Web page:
Fiberglass Armor Construction: Plaster Mold
Making the Plaster of Paris Support Mold
Once the rubber has cured you can start building a support mold for it. Is the piece is really small a support mold is not necessary, but as a piece gets larger this is a great way to give support without having to use a lot more rubber. Plaster of paris is much cheaper after all.
For this project I used FGR-95 which is almost identical to plaster of paris. In fact, when in a bind I have just picked up and used plain old Plaster of Paris from the hardware store. The main difference I can tell between the two is that the FGR-95 seems to dry faster and have a bit of a harder feel to it, but this is a purely subjective impression. My preference is to use it because I like the results and the cost is about the same, but in this article I will just use the generic Plaster of Paris name.
This section is really easy. You are going to put about 3 layers of the plaster on the piece. As with most of this work I suggest wearing latex gloves when applying the stuff.
Mix up the first batch of plaster following the package instructions. Usually these things are mixed by weight, so you will want to have a scale handy. Volume mixing does not work as the powdered plaster can compact and so a specific volume can be any weight. Once the plaster is mixed take a handful of it and rub it on the rubber mold. You want to build up a nice layer over the whole piece. How much you can put on before it starts to run depends on the thickness of the plaster and the angle. For the first layer it is most important to have everything covered, thickness will be built up in subsequent layers. Once done rinse your hands off in a bucket of water to remove any plaster on your hands or gloves. You don’t want to do this over a sink as a buildup of the plaster in the drain could stop up the sink.
For the next layer do the same as the first layer. Focus on building up the thickness.
For the third layer you will want some course water-soluble fiberglass or burlap to use as reinforcement. Either of these fibers will give the piece much more strength. If the mold cracks the fibers will help hold it together, without them the pieces would just separate. The fiber reinforcement saved me from having to make a whole new plaster mold when one of the plaster pieces cracked.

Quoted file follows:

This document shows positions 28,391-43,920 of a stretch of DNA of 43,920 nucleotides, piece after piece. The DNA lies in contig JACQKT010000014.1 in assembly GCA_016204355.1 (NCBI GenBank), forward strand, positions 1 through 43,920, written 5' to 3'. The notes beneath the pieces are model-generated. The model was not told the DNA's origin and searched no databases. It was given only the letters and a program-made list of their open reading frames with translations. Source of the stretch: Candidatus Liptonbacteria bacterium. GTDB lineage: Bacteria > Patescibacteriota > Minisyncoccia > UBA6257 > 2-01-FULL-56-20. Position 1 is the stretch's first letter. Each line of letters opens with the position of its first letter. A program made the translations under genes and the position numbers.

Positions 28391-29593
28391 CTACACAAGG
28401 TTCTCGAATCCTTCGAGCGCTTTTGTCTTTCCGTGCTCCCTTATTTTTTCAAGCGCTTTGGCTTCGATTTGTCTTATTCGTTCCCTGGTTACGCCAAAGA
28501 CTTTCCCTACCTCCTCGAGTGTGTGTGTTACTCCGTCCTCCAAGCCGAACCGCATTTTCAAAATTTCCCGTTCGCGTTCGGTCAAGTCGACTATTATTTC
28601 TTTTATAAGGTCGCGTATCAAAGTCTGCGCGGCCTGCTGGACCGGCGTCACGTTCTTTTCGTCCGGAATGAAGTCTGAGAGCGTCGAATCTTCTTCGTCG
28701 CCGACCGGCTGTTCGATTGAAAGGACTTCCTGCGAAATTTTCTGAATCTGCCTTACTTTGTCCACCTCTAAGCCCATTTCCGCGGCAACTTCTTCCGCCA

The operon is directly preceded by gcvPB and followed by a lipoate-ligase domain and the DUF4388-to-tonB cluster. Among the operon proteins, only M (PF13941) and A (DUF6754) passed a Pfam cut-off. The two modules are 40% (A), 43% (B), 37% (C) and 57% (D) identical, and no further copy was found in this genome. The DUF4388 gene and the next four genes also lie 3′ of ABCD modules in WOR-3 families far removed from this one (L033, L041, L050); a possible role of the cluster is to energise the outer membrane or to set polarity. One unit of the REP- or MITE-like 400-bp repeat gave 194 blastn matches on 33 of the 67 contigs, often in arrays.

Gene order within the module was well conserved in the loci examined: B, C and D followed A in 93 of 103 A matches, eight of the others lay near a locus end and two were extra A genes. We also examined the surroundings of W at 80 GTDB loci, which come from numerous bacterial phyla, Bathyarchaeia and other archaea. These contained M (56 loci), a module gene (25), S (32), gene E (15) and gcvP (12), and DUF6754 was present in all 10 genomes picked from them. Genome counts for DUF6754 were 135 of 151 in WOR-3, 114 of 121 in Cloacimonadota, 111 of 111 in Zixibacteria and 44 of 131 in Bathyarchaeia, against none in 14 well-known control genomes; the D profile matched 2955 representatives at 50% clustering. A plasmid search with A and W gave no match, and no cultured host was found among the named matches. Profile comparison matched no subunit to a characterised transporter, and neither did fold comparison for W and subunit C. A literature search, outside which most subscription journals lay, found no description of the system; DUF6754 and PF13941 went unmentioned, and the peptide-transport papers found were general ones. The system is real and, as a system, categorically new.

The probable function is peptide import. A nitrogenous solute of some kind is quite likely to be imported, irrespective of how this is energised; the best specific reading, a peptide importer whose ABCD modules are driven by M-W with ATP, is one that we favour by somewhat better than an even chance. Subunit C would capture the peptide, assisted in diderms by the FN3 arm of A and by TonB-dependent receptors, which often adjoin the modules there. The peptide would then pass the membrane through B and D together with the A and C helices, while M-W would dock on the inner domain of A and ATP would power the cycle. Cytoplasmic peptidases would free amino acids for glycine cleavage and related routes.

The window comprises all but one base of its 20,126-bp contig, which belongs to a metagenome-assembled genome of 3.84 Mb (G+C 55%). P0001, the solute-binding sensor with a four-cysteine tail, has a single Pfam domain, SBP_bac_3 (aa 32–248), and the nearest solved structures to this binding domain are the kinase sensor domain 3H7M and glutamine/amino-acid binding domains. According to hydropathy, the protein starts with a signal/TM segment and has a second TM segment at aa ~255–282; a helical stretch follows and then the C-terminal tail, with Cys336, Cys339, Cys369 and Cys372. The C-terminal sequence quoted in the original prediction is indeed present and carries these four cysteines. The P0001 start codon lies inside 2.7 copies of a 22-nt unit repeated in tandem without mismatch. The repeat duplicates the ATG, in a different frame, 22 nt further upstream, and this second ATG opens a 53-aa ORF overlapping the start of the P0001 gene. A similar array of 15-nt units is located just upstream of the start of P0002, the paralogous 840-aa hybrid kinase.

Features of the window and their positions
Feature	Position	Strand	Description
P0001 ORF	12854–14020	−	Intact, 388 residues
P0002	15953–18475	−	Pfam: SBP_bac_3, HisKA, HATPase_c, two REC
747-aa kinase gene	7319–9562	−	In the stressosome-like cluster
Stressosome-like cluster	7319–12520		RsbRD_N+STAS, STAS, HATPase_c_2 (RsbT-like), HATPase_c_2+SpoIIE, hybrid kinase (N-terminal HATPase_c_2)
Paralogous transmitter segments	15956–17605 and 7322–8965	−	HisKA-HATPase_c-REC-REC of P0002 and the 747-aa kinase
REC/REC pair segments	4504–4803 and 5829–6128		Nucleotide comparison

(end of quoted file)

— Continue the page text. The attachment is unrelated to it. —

I used a water-soluble fiberglass that I got from Douglass and Sturgess. I had never heard of it before and do not know where else to get it. It did work very well and made the pieces really strong. The only drawback to the stuff is that once it dries it becomes stiff and there are usually little pieces of fiberglass sticking out of the plaster like needles. They can be covered with another layer of plaster, but I did not always do that and I probably should have since having a bunch of fiberglass needles in my hands was not fun. So if you use the fiberglass be sure to wear at least one or two pair of latex gloves when working with it or handling the molds afterwards. If you go for the burlap option you wont have to worry about this, plus burlaps is a bit easier to find, but the resulting piece will not be as strong. And may require more plaster to fully coat and reinforce the burlap.
With whichever fiber you are using you will want to cut it up into strips or squares that you can put on the mold. The trick is to not make them either too small or too large. Each piece should be able to cover a fair amount (around 10-20% of the surface area) of the mold without having to have too many creases in it. If there are a bunch of creases to make the piece fit the shape you will want to make the pieces smaller. Cut out all the pieces before you mix the plaster. When cutting them out be sure to plan for each piece overlapping the others, as that is how the fiber gets a lot of its strength. I suggest also cutting some extra pieces so you can have them handy if you need them.
For both types of fiber reinforcement the process is the same. First lay down a thin layer of the plaster, then take a piece of fiber, dump it in water and then wring it out and press it into the plaster. Be sure to overlap each piece with the other ones until the whole mold is covered and there are no gaps. Now take the rest of the plaster and rub it into the fiber and then lay some more on top so that the fiber is completely covered. It is important to rub the plaster into the fiber to make sure there is a strong connection between them. Covering the fiber after makes the piece sturdier. It is okay if some fibers stick out, but generally you should try to cover them all.
Give the support mold a good 24 hours to dry before demolding.